Students seeking to study in Australia may soon have a greater range of choice when it comes to accessing educational visas, with new regulations set to govern the admissions of speaking and reading tests.
It has recently been announced that international pupils will be able to submit results from the Cambridge English Advanced test, ETS' Test of English as a Foreign Language (TOEFL) exam and Pearson's PTE Academic from November 5.
Previously, the only results which were allowed came from the International English Language Testing System (IELTS) owned locally by student services provider IDP.
The Department of Immigration and Citizenship (DIAC) is understood to be working with a number of other providers to develop a standardised level that can be applied across the board.
A spokesman for the DIAC said that the new requirements - that spring from the Knight reforms proposed earlier this year - would begin in the form of an open market for English tests that gets underway on November 5.
He said: "Alternative English language test providers are aware that they are being implemented for student visas at this stage, and will be reviewed for use with other visa programs."
It could mean that the initial measures might be rolled out to other areas - such as those required by skilled migrant workers - at a later date.
This may prove to be good news for applicants currently holding one of these certifications - however, professional advice from an immigration lawyer should still be sought to minimise the chance of any mistakes during the application process.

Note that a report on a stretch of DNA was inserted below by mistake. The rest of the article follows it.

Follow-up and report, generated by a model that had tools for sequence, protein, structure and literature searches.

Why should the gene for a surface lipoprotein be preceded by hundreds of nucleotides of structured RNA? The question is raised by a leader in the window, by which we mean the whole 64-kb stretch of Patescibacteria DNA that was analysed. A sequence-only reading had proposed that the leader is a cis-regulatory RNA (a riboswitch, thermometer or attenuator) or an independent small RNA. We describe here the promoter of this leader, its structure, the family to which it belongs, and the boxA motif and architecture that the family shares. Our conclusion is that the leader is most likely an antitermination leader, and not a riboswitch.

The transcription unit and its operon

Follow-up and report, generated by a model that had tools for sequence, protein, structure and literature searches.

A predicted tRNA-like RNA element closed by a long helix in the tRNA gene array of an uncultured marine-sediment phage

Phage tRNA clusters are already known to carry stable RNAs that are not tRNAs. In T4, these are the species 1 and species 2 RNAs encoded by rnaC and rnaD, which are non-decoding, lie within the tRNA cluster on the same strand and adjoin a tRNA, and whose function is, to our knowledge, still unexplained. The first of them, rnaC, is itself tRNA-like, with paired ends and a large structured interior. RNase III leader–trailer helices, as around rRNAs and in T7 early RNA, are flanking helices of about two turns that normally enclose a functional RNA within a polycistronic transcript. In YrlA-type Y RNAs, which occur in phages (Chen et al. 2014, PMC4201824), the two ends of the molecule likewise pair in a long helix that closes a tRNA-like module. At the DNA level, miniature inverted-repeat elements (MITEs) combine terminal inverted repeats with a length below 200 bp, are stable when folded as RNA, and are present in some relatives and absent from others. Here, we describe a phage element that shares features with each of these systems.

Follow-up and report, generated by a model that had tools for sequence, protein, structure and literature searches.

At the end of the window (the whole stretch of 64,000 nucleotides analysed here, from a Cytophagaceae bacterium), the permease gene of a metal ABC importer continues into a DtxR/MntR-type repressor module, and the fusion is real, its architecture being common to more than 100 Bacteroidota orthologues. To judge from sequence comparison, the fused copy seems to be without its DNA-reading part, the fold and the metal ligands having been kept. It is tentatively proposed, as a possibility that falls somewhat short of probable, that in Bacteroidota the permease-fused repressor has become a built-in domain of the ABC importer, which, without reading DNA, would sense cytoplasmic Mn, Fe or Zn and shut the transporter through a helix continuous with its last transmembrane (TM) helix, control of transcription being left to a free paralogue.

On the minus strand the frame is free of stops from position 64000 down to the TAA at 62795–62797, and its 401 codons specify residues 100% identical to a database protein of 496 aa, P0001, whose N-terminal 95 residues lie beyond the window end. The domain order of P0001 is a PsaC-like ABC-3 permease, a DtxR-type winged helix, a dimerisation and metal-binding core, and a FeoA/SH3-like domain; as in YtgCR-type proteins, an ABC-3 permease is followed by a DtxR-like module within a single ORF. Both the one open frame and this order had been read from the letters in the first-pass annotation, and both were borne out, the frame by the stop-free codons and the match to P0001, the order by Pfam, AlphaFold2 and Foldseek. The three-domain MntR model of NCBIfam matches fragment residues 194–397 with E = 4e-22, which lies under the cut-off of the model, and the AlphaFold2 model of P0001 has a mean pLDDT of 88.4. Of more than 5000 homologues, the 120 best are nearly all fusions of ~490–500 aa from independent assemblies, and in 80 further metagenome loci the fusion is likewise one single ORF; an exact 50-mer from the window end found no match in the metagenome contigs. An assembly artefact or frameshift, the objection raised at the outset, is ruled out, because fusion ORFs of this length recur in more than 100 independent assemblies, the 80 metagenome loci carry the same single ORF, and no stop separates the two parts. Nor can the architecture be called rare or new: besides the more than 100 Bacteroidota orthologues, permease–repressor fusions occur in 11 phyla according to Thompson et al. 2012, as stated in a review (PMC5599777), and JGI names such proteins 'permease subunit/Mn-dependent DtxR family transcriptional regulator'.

In further revelations by the department, from next year applicants will not need to prove a base level of competency in terms of communication when seeking a visa to study in local universities - the standards for entry becoming responsibility of the institutions themselves, according to the official spokesman.
While this could be good news for students from a range of countries, the IELTS results are still the only accepted form of English proficiency when applying for a visa with the right to work in Australia
This means that the coveted post-study visa - due for implementation in 2012 - will still require a certain level of comprehension in written and spoken English.
Lawyers for immigration will be able to help applicants determine the appropriate certification required - potentially maximising the chance that an application is successful the first time around.
The DIAC first put forward the need for reform to the student visa submissions process back in 2008 - a time when the international student market in Australia was going through a tough time, with a noted decline in the number of quarterly submissions.